More femtocells than cell phone towers?

No one likes “dead zones” There are various ways of locating them. Plotting the distribution of “femtocells” may be one, because cell phone users in areas of poor reception can work around the problem of poor reception using either (1) a repeater; or (2) a femtocell.

A repeater comprises an outside antenna, a bi-directional amplifier and an interior antenna. The weak “down link” signal received by the outside antenna is amplified and rebroadcast inside. Conversely, the “up link” signal from the cell phone is picked up by the interior antenna and amplified before being sent back by the external antenna. The outside antenna is directional and needs to be aimed towards cell phone towers. So the approximate location of “nearby” cell phone towers must be known. Applications like OpenSignalMaps can be very helpful in finding them.

The other approach is to set up a femtocell, which is basically a very low power “cell phone tower” that depends on a good internet connection (cable or DSL) for the “back haul”. A femtocell covers a tiny area — about the size of a house or office, and tends to be easier to set up than a repeater, particularly for those less technically inclined, and is the approach encouraged by some cell phone carriers in areas of poor signal.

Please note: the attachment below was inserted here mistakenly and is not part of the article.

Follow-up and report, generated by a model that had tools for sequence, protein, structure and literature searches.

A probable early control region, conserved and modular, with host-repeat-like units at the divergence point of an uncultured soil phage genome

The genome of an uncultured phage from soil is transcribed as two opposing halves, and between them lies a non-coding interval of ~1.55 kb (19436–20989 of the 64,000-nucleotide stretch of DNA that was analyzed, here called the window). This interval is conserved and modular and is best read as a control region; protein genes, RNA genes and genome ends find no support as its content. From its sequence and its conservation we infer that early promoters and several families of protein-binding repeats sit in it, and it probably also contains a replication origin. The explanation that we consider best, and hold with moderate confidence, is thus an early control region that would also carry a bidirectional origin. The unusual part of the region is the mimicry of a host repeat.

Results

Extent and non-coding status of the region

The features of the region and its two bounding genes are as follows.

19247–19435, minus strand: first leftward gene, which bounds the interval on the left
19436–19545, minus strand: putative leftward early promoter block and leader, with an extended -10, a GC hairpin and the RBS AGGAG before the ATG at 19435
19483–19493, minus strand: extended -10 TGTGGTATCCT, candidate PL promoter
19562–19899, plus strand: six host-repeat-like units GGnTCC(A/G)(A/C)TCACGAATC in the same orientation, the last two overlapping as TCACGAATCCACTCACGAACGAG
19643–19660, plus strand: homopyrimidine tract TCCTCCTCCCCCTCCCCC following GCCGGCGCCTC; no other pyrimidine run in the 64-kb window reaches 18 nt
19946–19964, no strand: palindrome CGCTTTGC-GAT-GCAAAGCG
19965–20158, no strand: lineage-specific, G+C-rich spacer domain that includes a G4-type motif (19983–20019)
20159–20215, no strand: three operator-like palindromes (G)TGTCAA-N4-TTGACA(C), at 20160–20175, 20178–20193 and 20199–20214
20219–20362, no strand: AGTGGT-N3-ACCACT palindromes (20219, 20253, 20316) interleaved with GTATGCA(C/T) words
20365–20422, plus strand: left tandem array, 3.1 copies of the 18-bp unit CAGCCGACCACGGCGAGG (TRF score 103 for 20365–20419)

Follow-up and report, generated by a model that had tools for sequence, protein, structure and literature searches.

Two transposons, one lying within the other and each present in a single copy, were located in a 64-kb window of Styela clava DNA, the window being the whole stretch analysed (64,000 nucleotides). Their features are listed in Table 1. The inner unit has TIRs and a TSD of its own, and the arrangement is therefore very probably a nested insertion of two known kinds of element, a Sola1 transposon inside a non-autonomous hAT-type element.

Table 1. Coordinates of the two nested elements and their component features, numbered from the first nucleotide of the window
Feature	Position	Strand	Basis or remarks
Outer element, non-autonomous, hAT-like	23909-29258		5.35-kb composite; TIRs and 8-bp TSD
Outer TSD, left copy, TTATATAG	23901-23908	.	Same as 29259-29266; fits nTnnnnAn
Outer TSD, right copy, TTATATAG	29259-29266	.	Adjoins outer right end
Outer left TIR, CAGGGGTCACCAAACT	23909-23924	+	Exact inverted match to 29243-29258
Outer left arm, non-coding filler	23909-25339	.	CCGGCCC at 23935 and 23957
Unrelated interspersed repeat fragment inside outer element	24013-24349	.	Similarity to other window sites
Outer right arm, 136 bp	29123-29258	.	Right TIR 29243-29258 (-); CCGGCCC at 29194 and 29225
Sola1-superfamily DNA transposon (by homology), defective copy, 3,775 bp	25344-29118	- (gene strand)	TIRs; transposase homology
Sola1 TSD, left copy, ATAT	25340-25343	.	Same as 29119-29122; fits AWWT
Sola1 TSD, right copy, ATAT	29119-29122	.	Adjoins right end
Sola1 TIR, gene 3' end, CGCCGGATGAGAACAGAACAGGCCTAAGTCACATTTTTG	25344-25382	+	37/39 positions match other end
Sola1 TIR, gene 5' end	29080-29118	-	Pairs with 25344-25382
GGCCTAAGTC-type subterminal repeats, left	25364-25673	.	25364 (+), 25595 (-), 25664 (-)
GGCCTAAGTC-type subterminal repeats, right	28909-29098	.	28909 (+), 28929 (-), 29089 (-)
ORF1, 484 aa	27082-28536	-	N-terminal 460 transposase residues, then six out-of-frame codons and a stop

Generally urban areas tend to be well provided with cell phone base stations, while rural areas often are not. On the other hand, man-made obstacles in urban areas can block cell phone signals and contribute to poor reception there as well. Many users would like to know where the “dead zones” are and what areas have a higher share of weak signal spots than others. “Heat maps” generated through crowd sourcing, such as those provided on the OpenSignalMaps web site can help with that.